It has been a few days since it was announced that FA Women’s National Leagues are to end with immediate effect with all results voided. Meaning no promotion or relegation of clubs between tiers three to seven.
Understandably this has led to upset, initially from clubs who look destined to win their respective league and earn promotion but others have joined. This isn’t just limited to the women’s game, South Shields, Maldon and Tiptree and Worthing have already threatened the governing body with legal action as it has been confirmed that despite the announcement the decision is still to be ratified by the FA Council.
Barnsley have joined those clubs to campaign against the ruling and for more engagement with clubs to consider other outcomes.
📝 | Club Update.— Barnsley Women’s Football Club (@BarnsleyWFC) March 30, 2020
Barnsley Women’s Football Club has joined with 65 other football clubs across the country to express “profound concern and displeasure” at The @FA’s decision to null and void ours, and other clubs’, seasons.
Full letter below👇 #YouReds pic.twitter.com/4JUk1nwOeM
I wanted to find out from someone directly involved how this decision affected their club and I was fortunate to have some time to speak with Paul Thompson, the Chairman of Barnsley.
Since the season was paused, how have the players been keeping themselves in shape physically and their mental well-being?
Our manager and coaching staff designed programs for our players to carry out at home. Our players are among the most hard-working and dedicated in football and they all keep extremely fit.
You currently occupy the top spot, equal on points with Leeds United. With your games in hand would you have anticipated completing the season top of the league?
We are challenging for promotion, in what is probably the most competitive league in women’s football. There are no poor teams in our division and every team delivers a stern challenge in every match. We are still in a position where Brighouse Town, Leeds United or Barnsley could get the one promotion spot this Season. This season is not over yet as far as we are concerned.
Are you able to describe what finishing top would mean for the club?
This is our club’s best-ever season, and to get promoted would be the icing on the cake for all our players, our manager, our coaching staff and our supporters.
Can you describe the feeling from within the club to the news of the FAWNL voiding the season?
Our manager is distraught and was virtually in tears when the decision was announced. Our manager, players and coaching staff have put so much into this season, to then be told by the FA that the season has been expunged, didn’t exist, and will be eradicated from the record books.
We are fighting this decision for or players, our manager, our coaching staff and our supporters – and for those of other clubs – both women’s and men’s clubs.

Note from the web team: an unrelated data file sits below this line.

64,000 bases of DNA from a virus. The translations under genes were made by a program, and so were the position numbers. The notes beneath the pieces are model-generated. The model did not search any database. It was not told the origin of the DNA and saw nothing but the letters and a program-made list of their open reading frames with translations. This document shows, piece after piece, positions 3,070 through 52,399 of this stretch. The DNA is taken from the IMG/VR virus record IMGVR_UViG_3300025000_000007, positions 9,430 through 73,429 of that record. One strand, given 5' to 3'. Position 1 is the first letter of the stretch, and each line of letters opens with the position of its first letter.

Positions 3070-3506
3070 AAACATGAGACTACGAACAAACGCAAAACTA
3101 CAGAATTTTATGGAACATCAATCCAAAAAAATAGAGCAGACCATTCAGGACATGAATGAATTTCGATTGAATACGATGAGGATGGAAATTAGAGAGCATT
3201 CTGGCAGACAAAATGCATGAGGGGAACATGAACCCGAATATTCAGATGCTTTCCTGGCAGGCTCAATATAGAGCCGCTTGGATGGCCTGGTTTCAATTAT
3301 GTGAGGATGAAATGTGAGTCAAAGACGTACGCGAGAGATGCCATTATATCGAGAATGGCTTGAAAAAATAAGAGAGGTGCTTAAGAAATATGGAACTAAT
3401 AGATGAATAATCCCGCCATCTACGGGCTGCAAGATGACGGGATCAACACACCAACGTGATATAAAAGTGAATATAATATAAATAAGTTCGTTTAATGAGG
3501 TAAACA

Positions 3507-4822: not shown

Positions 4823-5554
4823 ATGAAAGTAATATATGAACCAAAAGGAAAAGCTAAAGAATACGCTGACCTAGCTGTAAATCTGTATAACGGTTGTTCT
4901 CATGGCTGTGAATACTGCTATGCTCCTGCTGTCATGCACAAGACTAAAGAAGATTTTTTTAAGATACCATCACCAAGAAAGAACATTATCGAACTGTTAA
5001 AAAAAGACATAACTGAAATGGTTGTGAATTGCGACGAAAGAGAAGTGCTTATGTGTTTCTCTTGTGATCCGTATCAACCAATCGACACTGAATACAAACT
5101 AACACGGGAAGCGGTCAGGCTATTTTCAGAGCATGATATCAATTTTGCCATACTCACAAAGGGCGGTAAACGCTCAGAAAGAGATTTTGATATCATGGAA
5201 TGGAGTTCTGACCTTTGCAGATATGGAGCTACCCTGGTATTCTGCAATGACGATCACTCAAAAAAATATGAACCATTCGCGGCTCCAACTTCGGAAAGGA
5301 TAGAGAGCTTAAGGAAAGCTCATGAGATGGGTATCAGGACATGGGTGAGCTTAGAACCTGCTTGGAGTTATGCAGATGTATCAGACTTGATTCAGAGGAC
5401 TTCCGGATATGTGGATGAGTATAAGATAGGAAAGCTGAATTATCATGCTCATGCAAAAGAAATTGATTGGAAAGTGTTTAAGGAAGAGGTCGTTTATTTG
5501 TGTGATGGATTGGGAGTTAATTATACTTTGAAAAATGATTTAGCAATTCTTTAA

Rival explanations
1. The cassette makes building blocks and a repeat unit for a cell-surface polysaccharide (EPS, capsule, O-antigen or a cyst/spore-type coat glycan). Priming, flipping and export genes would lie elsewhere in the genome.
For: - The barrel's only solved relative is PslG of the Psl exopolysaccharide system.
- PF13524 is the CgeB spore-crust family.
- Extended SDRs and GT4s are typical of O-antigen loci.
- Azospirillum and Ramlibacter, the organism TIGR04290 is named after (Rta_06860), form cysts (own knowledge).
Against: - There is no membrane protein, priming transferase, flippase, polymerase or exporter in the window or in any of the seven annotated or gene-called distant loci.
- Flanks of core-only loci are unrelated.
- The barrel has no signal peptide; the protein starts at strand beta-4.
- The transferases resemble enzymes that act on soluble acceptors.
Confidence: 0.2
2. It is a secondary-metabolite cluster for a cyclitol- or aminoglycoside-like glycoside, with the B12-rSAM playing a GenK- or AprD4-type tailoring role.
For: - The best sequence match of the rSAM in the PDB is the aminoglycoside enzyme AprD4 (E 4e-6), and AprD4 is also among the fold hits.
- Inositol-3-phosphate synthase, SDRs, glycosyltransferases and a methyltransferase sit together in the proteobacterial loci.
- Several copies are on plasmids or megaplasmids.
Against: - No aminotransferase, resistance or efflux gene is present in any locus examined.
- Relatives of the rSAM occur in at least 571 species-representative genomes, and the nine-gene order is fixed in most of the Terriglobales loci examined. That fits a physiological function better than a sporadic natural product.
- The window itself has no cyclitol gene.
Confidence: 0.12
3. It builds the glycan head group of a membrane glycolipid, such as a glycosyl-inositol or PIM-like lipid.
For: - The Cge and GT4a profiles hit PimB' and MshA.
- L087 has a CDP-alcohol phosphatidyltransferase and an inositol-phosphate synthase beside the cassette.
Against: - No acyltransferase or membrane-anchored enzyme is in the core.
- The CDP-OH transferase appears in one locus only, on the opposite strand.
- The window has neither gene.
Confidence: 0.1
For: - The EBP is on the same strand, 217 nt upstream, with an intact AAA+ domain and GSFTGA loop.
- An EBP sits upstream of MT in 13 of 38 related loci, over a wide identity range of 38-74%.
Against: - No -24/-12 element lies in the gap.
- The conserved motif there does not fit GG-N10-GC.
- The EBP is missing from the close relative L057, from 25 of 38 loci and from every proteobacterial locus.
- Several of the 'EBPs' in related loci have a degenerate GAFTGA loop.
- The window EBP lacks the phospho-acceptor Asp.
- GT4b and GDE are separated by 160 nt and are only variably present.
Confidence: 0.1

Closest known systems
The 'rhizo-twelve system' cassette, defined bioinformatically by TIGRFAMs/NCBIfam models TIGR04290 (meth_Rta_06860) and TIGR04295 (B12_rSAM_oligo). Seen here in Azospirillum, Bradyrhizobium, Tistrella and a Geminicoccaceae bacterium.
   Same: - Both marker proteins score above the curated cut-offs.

Would you say that you are more disappointed with the decision to void the campaign or just the process behind the decision?
As a club, what do you feel would be the best outcome for this campaign based on the current situation of there being no football likely before August?
The first thing the FA should now do is to ensure they wait to see how the Premier League and Football League eventually proceed, and they should then apply a similar approach across the whole football pyramid, for both women’s and men’s teams and leagues. There is no reasonable or valid reason why they don’t do this.
There can be and is no certainty that the 2020/2021 season can start on time, or when it can start. The only certainty can and should be that we all complete the 2019/20 Season, as soon as it is safe to do so.
As a club, you’ve released a statement accusing the sports governing body of gender discrimination. Is this the first time that you’ve been made to feel like this?
We believe the FA needs to show a lot more respect, concern and love for the women’s game. This is going to be an ongoing challenge for everyone involved in women’s football, for many years to come.
As someone who also coaches in the grassroots game, I have a lot sympathy with clubs and the league. I am yet to see what I would consider to be a fair and practical outcome that suits all teams involved.
In the National League South, Crawley Wasps sit top. If the league were to opt to settle it with the points per game method then Crawley Wasps would finish top with 2.643 PPG, while Watford would finish on 2.545 PPG. Watford would argue that if they were to play their three games in hand and win, then they would have top spot and be more deserving of the lucrative promotion into the Championship. Surely going down that route would invite another campaign from different clubs affected negatively.
With the final decision yet to be ratified then there is still a chance that the decision could be reversed and the season could still be completed. When and how that would look nobody knows as many clubs in the Women’s National League were still trying to catch up after a series of postponements over the winter.
I still struggle to see how this campaign can be finished without having massive repercussions on the 2020/21 season but all these clubs are asking is to not be ‘written off’ and to be given the same sort of consideration as the top tiers of men’s and women’s football. I don’t think anyone can argue that isn’t a reasonable request.